Species Estigmene acrea - Salt Marsh Moth - Hodges#8131
Kingdom Animalia (Animals)
Phylum Arthropoda (Arthropods)
Subphylum Hexapoda (Hexapods)
Class Insecta (Insects)
Order Lepidoptera (Butterflies and Moths)
Superfamily Noctuoidea (Owlet Moths and kin)
Subfamily Arctiinae (Tiger and Lichen Moths)
Tribe Arctiini (Tiger Moths)
Species acrea (Salt Marsh Moth - Hodges#8131)
Other Common Names
Salt Marsh Caterpillar (larva), Salt Marsh Caterpillar Moth (adult), Salt Marsh Tiger (adult)
Synonyms and other taxonomic changes
Estigmene acrea (Drury, 1773)
Phalaena acrea Drury, 1773
* phylogenetic sequence #930317
one of 2 species in this genus in North America (2nd sp. restricted to AZ)
wingspan 45-68 mm
larvae length to 55 mm
Adult (imago): forewing white with about 20 small black spots scattered across the disk, and 5 larger black spots spaced along the costa. Males have dark yellow hindwings, those of females are mostly white (with 3 or 4 black blotches in both sexes).
Larva (caterpillar): highly variable, blond to brown to black, with long bristly hairs standing upright in dense tufts from orange or black tubercles; hairs longer at both ends of body, especially toward the rear end. Spiracles white. Moves very rapidly. Face mainly black with yellow down the center.
Ova (egg): spherical and yellow (1)
all of North America except Alaska and Yukon - Map
open wooded areas, meadows, farm fields, weedy waste places, prairie grasslands, and marshes - including salt marshes; adults are nocturnal and come to light
Adults fly from May to September. Adults fly year round in Texas
Larvae feed on a wide variety of mainly weedy plants including anglepod (Gonolobus), dog fennel (Eupatorium capillifolium), ground cherry (Physalis), mallow (Anoda), milkweed (Asclepias), pigweed (Amaranthus), and sicklepod (Cassia tora), plus crops such as alfalfa, asparagus, bean, beet, cabbage, carrot, celery, clover, corn, cotton, lettuce, onion, pea, potato, soybean, sugarbeet, tobacco, tomato, and turnip. On rare occasions, they also feed on leaves of deciduous trees and shrubs: alder, apple, cherry, elderberry, pear, poplar, and serviceberry, according to Handfield.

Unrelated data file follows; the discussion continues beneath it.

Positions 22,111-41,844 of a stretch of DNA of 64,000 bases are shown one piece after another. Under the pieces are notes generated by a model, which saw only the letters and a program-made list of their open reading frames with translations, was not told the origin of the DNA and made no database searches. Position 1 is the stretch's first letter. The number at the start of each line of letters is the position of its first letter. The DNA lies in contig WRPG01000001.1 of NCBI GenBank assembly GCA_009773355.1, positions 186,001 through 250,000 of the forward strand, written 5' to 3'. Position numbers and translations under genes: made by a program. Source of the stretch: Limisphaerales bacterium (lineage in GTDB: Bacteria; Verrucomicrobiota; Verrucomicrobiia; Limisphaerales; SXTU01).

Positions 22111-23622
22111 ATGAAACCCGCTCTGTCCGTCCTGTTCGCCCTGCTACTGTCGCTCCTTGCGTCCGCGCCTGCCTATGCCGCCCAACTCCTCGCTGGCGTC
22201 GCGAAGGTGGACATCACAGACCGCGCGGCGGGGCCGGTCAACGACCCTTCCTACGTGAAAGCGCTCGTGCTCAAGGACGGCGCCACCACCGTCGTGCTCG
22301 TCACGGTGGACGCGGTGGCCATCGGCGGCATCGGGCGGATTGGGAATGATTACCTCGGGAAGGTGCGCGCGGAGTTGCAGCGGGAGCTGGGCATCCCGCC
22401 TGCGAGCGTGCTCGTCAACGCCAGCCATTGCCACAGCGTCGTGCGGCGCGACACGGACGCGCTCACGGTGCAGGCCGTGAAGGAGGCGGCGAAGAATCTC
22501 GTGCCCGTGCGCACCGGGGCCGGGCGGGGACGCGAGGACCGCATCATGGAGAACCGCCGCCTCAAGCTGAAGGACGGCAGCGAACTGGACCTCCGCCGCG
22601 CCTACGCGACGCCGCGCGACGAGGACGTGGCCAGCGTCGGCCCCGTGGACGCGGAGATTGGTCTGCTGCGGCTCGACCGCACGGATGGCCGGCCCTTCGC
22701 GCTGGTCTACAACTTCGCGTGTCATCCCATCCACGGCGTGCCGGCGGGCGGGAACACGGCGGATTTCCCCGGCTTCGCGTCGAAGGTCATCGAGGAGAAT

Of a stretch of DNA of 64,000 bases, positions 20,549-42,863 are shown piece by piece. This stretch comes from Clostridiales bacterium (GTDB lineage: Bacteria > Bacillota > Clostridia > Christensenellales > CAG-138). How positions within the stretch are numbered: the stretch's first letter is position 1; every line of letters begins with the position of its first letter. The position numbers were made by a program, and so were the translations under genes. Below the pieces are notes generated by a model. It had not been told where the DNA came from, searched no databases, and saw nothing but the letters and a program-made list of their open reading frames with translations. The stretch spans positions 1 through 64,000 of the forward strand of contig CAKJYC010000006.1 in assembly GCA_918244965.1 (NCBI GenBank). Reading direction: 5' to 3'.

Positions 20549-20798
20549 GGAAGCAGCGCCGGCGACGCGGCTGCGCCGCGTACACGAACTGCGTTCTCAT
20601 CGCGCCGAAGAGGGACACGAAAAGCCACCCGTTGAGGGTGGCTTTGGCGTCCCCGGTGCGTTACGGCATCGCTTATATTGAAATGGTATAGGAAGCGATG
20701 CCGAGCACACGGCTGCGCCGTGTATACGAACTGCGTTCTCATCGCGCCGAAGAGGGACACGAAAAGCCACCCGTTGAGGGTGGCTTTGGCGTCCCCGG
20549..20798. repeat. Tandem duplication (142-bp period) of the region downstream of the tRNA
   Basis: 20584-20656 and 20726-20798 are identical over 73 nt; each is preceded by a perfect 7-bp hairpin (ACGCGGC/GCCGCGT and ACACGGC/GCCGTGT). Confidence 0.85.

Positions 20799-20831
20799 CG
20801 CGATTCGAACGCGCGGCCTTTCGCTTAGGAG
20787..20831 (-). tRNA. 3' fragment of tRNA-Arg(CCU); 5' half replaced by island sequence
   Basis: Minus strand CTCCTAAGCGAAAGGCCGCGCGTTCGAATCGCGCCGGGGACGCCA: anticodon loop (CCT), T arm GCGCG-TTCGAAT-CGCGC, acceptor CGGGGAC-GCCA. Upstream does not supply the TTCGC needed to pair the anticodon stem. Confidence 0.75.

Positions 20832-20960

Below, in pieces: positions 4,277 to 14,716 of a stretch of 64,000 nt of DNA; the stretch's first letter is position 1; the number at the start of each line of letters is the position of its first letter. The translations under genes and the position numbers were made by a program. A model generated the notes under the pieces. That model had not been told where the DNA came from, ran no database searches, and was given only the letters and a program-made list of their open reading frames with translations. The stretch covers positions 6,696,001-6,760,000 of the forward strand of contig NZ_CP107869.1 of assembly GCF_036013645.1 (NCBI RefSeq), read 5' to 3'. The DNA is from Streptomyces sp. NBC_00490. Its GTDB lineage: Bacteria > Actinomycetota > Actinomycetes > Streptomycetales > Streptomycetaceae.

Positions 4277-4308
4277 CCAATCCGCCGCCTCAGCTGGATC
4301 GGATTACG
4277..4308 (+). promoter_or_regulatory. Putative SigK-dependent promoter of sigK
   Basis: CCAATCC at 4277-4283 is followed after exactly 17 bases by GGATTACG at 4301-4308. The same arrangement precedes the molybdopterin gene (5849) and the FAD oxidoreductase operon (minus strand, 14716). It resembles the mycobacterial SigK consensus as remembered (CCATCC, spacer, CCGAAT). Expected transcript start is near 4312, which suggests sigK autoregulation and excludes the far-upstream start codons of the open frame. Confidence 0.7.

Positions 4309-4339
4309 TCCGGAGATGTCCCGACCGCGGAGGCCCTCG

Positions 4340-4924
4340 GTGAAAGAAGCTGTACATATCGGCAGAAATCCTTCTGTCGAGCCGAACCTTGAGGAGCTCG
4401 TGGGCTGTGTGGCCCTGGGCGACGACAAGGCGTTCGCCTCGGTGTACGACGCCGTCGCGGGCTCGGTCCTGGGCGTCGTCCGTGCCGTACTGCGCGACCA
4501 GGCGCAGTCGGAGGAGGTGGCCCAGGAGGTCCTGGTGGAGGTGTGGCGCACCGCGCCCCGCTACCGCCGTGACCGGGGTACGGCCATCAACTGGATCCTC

One generation per year in the far north, 2 in southern Quebec and Ontario, 3 or 4 generations in the south. Overwinters as a pupa in a spacious cocoon; adults emerge in early spring. Females lay 400-1200 eggs in clusters on leaves of host; eggs hatch in 4-5 days, and larvae pass through 5 instars over a period of 20-45 days; larvae are active dispersers, and are often found wandering over the soil in search of suitable food.
Life cycle images:
1. eggs. 2. early instar caterpillar on Cup Plant. 3 to 6. caterpillars, different instars and colors. 7. cocoon. 8. pupa. 9 and 10. adults
When disturbed the adults often drop to the ground, raise their wings, and emit an acrid odor from the prothoratic glands. Males (yellow hindwing) have inflatable appendages called coremata that will extend from the abdomen when gently squeezed. In Arizona, the most common fly parasites of eggs and larva are E. mella, Gymnocarcelia ricinorum
and Lespesia archippivora
which has smaller and fewer black spots on the wings, and a more southern distribution (e.g. doesn't occur in Canada) - see pinned adult image
by Bruce Walsh from Arizona.
Larvae of Virginian Tiger Moth
are somewhat similar in some color forms, but seem to lack black facial markings, at least in BugGuide examples.
Covell, adult, p. 66, plate 13 #13,16) (2)
Wright, caterpillar and adult, pp. 98-99 (3)
Himmelman, caterpillar, plate A-2 (4)
Wagner, caterpillar, p. 464 (5)
Handfield, adult males, plate 60 #8131-1,2,3; adult female, plate 61 #8131-4; text, pp. 291-292 (6)
Powell, J. A. & P. A. Opler, Moths of Western North America, Pl. 47.19m, 47.22f; p. 269(7)
- John Capinera, U. of Florida
|3.||Peterson First Guide to Caterpillars of North America|
Amy Bartlett Wright. 1998. Houghton Mifflin Company.
|5.||Caterpillars of Eastern North America|
David L. Wagner. 2005. Princeton University Press.
|7.||Moths of Western North America|
Powell and Opler. 2009. UC Press.